*Laughing* This might be a good time to repeat Borrowlenses.com has great rates and service. You can find the 1Dx , 5D3 and our test lens- the 14mm f/2.8 L at these links. We are looking forward to testing the new Nikon D4 against the Canon 1Dx sometime in the month of August. Stay tuned for that battle of the Juggernauts!
If you allow me to rant further on- I do not think the 1Dx or 5D3 represent a “game changing” jump in night shooting. Years ago the 5D2 and Nikon D90 were literal game changers in their ability to controllably shoot much higher ISO’s than previously possible. Those cameras literally changed what was thought possible. The 1Dx and 5D3 provide substantial, exciting progress, but they won’t turn the world upside down. Looking to the future, if I could get my hands on the next camera advancement- having that NOW would probably blow my mind compared to the 5D2 and 1D4. Saying this, I realize how spoiled we have become with the rate of progress in our cameras. As mentioned, I discovered how to shoot stars on the very old Canon 30D body. With that camera, ISO 1600 was usually my limit and now the 1Dx is making ISO 12,800 possible?!? Our expanding ability to go out into the dark and bring back images is incredibly exciting and I have no doubt in 1-3 years I’ll enthusiastically be doing another test up on a mountain with new cameras and higher ISO’s. In the meantime- try to keep something in mind and a priority- ANY TIME, and I mean any time, you get to go out and spend a night under a deep blanket of stars trying to take pictures- don’t let yourself get so wrapped up in ISO’s, f-stops and images that you miss out on the feeling of actually being there. I’ll reach for a comparison here- my dad loves to fish and his favorite line is, “A bad day of fishing is better than any good day at work.” In the same line of thought, I encourage you to remember that BEING out under the stars is the real experience- not the camera or lens we take a picture with.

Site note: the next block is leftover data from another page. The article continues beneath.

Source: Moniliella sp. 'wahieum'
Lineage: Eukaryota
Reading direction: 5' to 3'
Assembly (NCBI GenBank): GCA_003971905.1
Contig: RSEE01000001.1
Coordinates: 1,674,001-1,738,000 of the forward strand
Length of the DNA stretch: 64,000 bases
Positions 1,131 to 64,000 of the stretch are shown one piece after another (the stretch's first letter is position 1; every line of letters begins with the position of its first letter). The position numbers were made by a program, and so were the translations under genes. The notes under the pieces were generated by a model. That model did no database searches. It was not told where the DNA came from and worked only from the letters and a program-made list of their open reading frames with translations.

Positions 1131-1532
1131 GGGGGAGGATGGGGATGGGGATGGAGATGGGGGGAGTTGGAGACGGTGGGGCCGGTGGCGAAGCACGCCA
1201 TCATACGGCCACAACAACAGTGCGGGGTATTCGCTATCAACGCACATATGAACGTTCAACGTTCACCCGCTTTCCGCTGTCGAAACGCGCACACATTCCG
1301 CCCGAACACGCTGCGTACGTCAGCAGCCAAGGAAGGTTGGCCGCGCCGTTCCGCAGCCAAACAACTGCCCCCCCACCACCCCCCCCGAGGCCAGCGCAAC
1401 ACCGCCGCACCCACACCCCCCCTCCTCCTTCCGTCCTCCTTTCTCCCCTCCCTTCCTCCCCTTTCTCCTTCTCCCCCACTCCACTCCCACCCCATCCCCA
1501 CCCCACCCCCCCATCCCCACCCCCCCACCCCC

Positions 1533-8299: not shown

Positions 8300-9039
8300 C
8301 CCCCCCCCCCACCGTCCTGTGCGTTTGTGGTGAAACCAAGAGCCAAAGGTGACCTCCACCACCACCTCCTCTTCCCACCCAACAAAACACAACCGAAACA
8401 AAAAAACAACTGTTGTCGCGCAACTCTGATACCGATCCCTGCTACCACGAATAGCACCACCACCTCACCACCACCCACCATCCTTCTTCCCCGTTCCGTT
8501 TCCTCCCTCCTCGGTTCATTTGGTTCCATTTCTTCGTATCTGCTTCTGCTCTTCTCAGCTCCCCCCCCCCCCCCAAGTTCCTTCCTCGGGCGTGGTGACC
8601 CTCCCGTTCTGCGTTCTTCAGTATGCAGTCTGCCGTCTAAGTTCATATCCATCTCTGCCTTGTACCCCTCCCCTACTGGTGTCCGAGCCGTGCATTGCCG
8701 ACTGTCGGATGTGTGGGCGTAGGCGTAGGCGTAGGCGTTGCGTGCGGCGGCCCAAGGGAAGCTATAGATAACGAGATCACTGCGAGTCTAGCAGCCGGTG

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Cheers and Clear Skies,
Uncage the Soul Productions – www.uncagethesoul.com
The Star Trail Photography – www.thestartrail.com